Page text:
Otsuka Pharmaceutical Co., Ltd. is a wholly owned subsidiary of Otsuka Holdings Co., Ltd., the holding company for the Otsuka Group. The Otsuka Group has business operations in 23 countries and regions around the world.
Visit Otsuka Pharmaceutical Co., Ltd. at http://www.otsuka.co.jp/en.
References: 1. Rea, D., et al. Six-year follow-up of patients with imatinib-resistant or imatinib-intolerant chronic-phase chronic myeloid leukemia (CP-CML) receiving dasatinib. To be presented at: 17th Congress of the European Hematology Association (EHA); June 14-17, 2012; Amsterdam, The Netherlands. 2. Shah, N., et al. Six-year follow-up of patients with imatinib-resistant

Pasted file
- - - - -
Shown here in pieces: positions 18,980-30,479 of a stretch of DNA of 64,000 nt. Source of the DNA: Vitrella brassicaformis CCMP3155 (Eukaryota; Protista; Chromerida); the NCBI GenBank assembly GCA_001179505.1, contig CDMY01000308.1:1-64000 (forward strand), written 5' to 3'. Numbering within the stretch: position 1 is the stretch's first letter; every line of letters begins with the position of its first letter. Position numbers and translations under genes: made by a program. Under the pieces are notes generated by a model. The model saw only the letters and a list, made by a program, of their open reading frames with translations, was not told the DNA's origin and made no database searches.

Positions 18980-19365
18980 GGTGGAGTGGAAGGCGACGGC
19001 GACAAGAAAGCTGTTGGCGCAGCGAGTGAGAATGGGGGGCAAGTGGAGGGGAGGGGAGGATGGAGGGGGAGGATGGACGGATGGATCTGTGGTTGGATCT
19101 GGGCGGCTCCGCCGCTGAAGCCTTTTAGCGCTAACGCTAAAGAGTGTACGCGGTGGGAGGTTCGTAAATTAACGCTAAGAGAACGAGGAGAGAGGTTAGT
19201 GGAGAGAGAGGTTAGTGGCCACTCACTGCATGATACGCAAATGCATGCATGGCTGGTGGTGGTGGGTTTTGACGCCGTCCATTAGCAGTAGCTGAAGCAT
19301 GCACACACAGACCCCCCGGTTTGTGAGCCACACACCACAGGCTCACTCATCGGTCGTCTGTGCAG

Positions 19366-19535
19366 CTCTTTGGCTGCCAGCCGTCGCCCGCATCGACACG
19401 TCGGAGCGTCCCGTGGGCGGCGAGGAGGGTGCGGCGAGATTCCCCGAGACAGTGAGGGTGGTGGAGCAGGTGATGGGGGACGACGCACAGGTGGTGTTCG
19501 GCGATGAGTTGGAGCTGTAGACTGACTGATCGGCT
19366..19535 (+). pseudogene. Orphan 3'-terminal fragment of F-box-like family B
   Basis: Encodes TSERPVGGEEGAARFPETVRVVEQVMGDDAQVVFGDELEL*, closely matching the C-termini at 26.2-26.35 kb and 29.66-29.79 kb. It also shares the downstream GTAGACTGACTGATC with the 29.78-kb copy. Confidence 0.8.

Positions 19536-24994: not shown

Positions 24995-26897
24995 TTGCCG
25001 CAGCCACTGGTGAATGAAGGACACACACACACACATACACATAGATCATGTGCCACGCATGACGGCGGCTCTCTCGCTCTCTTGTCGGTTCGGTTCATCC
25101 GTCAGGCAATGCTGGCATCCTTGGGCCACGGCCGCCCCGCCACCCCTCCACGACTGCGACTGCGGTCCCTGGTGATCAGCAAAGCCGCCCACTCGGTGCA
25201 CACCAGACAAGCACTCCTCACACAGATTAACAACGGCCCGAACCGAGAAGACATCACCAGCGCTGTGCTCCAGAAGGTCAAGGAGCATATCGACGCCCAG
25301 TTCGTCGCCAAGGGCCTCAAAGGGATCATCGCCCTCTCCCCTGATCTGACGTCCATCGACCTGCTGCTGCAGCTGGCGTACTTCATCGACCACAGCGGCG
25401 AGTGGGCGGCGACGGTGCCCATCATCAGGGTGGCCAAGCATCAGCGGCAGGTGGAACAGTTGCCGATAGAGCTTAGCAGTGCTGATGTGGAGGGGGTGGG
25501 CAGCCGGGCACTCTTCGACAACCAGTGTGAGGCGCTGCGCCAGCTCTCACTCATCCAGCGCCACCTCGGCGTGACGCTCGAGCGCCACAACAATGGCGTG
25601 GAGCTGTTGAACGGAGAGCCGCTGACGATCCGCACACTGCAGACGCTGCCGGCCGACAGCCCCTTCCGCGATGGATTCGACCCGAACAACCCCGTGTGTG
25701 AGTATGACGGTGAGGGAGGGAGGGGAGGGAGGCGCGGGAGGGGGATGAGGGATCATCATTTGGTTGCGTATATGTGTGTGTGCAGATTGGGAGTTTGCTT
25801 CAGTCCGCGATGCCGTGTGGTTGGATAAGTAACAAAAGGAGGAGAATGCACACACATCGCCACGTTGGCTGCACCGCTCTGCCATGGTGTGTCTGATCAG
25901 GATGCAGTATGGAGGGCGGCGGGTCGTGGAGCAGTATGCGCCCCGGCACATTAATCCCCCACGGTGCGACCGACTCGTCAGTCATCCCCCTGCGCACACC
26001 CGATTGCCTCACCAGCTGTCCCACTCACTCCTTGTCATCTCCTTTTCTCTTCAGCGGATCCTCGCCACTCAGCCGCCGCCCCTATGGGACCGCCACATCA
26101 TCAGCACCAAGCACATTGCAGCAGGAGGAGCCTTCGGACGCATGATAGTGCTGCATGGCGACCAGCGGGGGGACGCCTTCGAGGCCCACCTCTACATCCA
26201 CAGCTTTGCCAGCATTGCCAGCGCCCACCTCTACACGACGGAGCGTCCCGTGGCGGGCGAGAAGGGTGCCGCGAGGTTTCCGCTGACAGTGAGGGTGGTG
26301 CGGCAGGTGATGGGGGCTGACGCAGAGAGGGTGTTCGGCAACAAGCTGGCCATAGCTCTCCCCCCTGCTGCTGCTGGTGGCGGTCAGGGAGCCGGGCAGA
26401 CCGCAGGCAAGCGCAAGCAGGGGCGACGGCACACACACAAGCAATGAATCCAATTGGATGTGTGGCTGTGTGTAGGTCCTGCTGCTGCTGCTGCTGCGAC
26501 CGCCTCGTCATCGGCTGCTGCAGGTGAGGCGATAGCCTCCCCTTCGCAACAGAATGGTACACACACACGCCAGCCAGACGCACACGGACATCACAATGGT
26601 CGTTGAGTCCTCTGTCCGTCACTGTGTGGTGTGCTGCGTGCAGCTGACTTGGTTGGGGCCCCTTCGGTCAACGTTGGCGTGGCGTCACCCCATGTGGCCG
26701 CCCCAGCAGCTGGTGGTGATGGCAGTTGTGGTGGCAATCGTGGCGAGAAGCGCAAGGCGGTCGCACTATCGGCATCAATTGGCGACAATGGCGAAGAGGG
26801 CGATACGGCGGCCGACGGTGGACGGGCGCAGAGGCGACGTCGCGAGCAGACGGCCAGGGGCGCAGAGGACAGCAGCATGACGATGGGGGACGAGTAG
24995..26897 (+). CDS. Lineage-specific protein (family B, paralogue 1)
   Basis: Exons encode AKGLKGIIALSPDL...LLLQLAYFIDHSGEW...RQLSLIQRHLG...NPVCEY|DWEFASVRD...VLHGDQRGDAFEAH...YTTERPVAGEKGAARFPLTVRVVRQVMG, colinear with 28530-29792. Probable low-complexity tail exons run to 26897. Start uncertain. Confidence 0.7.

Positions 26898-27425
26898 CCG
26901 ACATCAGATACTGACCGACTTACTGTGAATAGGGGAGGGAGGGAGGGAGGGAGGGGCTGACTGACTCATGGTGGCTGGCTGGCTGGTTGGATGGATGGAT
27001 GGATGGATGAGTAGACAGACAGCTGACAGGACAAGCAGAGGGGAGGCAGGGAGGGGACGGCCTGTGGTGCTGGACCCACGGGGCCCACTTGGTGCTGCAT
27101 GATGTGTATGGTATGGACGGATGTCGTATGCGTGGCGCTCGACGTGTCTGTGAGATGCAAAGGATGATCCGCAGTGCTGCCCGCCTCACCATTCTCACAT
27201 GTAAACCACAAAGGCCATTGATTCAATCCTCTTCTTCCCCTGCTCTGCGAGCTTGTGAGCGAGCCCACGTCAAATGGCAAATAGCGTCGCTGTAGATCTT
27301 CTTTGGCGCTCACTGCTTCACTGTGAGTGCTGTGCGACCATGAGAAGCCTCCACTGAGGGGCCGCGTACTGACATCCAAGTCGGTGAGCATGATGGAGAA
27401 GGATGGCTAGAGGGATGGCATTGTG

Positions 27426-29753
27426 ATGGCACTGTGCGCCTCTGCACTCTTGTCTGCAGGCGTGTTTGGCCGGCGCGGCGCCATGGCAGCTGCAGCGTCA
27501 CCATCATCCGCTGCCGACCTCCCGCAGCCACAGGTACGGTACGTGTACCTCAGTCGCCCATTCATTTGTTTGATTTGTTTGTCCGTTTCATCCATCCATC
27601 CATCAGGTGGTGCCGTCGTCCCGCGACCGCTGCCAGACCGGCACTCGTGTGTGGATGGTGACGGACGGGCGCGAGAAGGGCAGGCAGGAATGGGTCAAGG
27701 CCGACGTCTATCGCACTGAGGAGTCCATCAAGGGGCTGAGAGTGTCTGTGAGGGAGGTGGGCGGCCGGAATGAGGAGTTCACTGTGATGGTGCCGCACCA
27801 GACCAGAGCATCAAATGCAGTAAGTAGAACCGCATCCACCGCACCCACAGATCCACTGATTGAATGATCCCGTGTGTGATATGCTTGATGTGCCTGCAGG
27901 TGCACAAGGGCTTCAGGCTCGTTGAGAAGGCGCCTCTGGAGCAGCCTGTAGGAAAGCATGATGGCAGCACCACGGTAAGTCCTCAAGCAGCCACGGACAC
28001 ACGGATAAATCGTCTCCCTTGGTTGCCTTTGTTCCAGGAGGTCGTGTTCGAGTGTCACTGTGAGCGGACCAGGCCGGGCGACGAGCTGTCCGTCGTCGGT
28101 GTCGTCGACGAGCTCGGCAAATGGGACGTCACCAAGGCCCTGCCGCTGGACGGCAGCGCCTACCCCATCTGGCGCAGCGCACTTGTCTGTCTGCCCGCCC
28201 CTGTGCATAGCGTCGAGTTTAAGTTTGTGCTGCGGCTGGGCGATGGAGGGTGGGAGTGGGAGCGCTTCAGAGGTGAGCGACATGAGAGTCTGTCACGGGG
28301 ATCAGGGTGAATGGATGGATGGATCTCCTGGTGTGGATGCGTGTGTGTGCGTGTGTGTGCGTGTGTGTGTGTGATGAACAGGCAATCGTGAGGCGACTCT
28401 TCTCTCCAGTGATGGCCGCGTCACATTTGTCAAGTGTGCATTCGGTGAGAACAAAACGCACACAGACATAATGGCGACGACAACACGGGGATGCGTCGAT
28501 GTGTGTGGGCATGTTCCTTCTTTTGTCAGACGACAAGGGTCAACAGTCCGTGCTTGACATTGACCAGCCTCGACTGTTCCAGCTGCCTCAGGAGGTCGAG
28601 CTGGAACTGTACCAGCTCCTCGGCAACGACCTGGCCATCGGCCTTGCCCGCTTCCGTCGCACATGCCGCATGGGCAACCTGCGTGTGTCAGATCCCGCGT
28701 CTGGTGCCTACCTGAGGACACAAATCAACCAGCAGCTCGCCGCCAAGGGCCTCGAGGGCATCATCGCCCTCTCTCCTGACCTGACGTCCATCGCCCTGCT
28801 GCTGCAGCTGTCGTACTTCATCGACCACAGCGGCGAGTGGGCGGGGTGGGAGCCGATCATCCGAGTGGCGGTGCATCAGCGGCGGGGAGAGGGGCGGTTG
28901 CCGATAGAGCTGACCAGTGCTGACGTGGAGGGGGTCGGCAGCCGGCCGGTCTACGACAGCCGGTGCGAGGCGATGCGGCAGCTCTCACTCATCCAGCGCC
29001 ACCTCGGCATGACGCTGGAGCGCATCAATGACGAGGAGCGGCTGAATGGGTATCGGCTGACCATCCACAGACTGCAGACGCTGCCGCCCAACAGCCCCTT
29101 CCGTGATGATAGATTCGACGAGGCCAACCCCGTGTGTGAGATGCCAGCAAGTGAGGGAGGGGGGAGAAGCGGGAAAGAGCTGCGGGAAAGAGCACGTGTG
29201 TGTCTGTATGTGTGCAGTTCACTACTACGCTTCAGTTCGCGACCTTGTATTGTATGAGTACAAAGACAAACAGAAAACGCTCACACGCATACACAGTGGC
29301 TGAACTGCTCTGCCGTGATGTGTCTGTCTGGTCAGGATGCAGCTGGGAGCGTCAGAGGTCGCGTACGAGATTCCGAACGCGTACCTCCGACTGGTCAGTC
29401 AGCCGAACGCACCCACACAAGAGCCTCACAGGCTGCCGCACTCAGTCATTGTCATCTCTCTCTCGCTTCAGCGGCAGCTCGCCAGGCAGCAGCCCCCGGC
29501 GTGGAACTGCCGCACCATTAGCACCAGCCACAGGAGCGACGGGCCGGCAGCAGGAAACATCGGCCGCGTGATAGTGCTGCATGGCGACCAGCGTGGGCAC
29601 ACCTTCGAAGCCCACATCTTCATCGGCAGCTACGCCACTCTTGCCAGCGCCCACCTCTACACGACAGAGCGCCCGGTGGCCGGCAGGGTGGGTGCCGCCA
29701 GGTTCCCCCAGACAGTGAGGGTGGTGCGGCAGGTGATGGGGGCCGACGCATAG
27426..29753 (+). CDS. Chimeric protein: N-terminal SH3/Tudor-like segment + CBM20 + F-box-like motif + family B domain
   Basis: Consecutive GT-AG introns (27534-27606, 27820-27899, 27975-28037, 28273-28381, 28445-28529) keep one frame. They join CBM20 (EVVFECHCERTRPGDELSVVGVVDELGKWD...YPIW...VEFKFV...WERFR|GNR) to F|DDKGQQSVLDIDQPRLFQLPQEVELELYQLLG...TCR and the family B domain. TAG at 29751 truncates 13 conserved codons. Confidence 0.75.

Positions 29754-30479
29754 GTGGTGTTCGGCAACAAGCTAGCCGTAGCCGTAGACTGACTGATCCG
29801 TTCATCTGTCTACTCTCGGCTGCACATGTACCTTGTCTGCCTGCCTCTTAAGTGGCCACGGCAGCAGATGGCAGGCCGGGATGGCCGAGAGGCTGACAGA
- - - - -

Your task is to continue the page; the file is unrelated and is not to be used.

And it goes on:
or -intolerant chronic-phase chronic myeloid leukemia (CML-CP) receiving dasatinib. Oral Presentation at: 2012 American Society of Clinical Oncology Annual Meeting. 3.Macmillan Cancer Support. Leukaemia Overview. Available at: http://www.macmillan.org.uk/Cancerinformation/Cancertypes/Leukaemia/Leukaemiaoverview.aspx. Last accessed April 2012. 4. National Comprehensive Cancer Network (NCCN). Chronic Myelogenous Leukemia - Clinical Practice Guidelines in Oncology - v.1.2007. 5. Baccarani, M. and Dreyling, M. Annals of Oncology. 2010;21:165-167.
UK job codes: 729UK12NP019 / OPUK/0612/SPC/2016, date of preparation June 2012